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Markkula Center for Applied Ethics

Trump vs. Nordstrom

Ivanka Trump (AP Photo/John Minchillo)

Ivanka Trump (AP Photo/John Minchillo)

Where is the duty of loyalty?

Hana Callaghan

By Hana Callaghan

In a fit of rage President Trump took to Twitter again this week—this time to take on a business in the private sector.  His anger was aimed at publically traded mega retailer Nordstrom for deciding to discontinue Ivanka Trump’s products due to lagging sales:

My daughter Ivanka has been treated so unfairly by @Nordstrom. She is a great person -- always pushing me to do the right thing! Terrible!

This was a private dispute--not government business.  However, the president’s tweet was sent out not only from his private Twitter account, but also from the official White House account as well.  Seemingly encouraged by their boss’ conduct, federal employees Sean Spicer and Kellyanne Conway defended the president’s rebuke of Nordstrom in their official capacities. Spicer exclaimed that Nordstrom’s decision was an attack on the president himself, while Conway went so far as to publically promote Ivanka Trump products.

Public officials and their staff have an ethical duty of loyalty to the public they serve.  The duty of loyalty not only requires that they put the public’s interest before their personal interest , but also that they refrain from  using their office or public resources for personal gain.  They also have a duty of fairness which means they must treat all constituents impartially.  President Trump’s tweet and the subsequent staff involvement violate all of these ethical principles.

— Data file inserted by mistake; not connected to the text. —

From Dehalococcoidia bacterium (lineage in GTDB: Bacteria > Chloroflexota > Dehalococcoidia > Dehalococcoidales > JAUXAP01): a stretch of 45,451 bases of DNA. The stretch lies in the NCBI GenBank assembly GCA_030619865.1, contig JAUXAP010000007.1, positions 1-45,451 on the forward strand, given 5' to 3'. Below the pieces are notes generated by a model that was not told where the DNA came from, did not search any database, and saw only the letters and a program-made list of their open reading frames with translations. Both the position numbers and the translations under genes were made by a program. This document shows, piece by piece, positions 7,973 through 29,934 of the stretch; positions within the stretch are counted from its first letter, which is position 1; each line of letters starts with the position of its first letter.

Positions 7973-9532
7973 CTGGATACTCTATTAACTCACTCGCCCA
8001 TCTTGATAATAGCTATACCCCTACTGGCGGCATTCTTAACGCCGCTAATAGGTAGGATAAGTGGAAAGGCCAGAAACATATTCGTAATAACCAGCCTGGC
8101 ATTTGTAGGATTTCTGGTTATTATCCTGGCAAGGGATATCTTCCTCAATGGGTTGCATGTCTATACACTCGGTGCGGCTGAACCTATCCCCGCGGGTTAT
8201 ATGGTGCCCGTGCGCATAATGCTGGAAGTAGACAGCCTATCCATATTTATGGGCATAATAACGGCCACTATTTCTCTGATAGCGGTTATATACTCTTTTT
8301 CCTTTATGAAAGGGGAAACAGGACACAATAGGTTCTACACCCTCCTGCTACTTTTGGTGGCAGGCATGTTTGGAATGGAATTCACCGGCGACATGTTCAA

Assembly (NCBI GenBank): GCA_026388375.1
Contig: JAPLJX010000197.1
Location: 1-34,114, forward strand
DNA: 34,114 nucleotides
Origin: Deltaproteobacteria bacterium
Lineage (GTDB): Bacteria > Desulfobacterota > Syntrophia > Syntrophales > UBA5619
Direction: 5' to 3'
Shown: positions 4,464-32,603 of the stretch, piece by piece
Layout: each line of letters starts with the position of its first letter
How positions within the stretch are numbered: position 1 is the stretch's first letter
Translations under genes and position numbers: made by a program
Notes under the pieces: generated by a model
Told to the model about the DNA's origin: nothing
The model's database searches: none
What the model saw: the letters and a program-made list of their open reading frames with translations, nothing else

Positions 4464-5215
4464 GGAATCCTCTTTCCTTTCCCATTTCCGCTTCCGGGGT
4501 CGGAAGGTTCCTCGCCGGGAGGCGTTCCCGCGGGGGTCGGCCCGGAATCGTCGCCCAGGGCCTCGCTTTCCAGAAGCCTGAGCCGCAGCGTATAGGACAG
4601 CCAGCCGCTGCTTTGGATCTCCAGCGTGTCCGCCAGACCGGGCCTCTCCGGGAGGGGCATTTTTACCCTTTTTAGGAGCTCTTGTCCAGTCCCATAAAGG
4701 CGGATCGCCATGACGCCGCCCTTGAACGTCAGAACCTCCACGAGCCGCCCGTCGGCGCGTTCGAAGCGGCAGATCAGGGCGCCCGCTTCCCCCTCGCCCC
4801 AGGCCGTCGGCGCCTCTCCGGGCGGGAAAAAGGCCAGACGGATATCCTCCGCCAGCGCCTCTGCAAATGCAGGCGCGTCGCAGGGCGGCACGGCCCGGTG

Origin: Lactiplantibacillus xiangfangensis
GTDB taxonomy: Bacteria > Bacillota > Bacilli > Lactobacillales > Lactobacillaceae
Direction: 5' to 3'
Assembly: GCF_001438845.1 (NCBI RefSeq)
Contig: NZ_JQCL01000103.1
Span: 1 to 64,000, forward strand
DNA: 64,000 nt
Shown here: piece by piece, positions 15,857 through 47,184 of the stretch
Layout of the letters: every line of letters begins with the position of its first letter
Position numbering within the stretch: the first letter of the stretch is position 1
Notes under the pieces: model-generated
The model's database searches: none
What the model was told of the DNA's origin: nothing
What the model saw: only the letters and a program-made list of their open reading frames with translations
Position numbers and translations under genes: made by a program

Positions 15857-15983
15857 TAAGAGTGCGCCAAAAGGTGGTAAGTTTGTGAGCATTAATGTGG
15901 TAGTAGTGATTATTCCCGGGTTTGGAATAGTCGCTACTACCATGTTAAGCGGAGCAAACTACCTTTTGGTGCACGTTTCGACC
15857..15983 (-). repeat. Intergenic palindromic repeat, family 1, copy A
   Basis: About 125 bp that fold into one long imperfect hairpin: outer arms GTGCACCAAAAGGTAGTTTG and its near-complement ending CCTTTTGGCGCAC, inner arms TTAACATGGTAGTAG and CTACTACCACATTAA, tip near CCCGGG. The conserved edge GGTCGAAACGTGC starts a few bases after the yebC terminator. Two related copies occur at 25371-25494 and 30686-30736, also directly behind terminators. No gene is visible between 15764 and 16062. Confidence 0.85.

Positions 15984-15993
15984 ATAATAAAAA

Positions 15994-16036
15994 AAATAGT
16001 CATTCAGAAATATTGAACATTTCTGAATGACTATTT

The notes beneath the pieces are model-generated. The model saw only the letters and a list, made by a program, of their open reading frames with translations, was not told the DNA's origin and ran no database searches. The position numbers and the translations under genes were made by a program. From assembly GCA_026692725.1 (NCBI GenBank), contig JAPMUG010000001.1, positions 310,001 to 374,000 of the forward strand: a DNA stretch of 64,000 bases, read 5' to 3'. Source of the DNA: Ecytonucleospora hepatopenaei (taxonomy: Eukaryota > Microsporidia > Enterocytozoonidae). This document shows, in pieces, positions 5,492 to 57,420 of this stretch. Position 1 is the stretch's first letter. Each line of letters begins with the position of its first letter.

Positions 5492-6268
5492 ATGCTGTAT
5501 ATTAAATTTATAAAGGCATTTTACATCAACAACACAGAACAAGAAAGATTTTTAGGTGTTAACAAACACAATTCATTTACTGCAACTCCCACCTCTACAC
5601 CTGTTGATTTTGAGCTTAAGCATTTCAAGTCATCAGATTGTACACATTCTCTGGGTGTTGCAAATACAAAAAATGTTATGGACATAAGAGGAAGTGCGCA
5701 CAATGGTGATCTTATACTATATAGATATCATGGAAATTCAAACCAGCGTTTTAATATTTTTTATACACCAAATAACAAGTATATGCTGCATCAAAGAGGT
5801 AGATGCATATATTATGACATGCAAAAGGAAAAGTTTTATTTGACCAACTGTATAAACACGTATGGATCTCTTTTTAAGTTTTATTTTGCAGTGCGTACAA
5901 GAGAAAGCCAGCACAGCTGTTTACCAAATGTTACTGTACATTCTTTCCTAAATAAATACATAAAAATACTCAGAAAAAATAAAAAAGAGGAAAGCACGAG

Presidents’ words have power, particularly when uttered in their official capacities.  Their words can impact stock markets and can even turn public opinion against a particular crop. (Remember President George H.W. Bush’s declaration against broccoli in 1990?) In Trump’s case, do we want a business climate where companies are fearful of making business decisions and investors are fearful to invest because of intimidating presidential tweets? By engaging in Ivanka’s dispute with Nordstrom, the president is putting the interest of his family before the public’s interest in enterprise free from undue government intervention.

The president used public resources to advance his private dispute.  He used the White House Twitter Account to send out his attack and his government staff to defend his position.  Spicer and Conway may have violated federal law by getting embroiled in this private dispute on the taxpayers’ dime.  (In fact allegations of ethics violations have been filed against Conway in the Office of Government Ethics.) Although the Office of Government Ethics does not have jurisdiction over the president, good governance requires that he comply with the same ethical principles.

The president also has an ethical duty of fairness.  He is required to treat all constituents with impartiality.  His supporters are already rallying to boycott Nordstrom as a result of his tweet. By condemning Nordstrom his is putting the shareholders of the retailer at a disadvantage compared to other investors.

On January 11 the president declared that he would he step down from his business ventures and tend to the business of running the United States.  In that spirit, he would do well to stay out of his children’s businesses as well.

Hana Callaghan directs the government ethics program at the Markkula Center for Applied Ethics at Santa Clara University.  The opinions expressed are her own.

Feb 10, 2017

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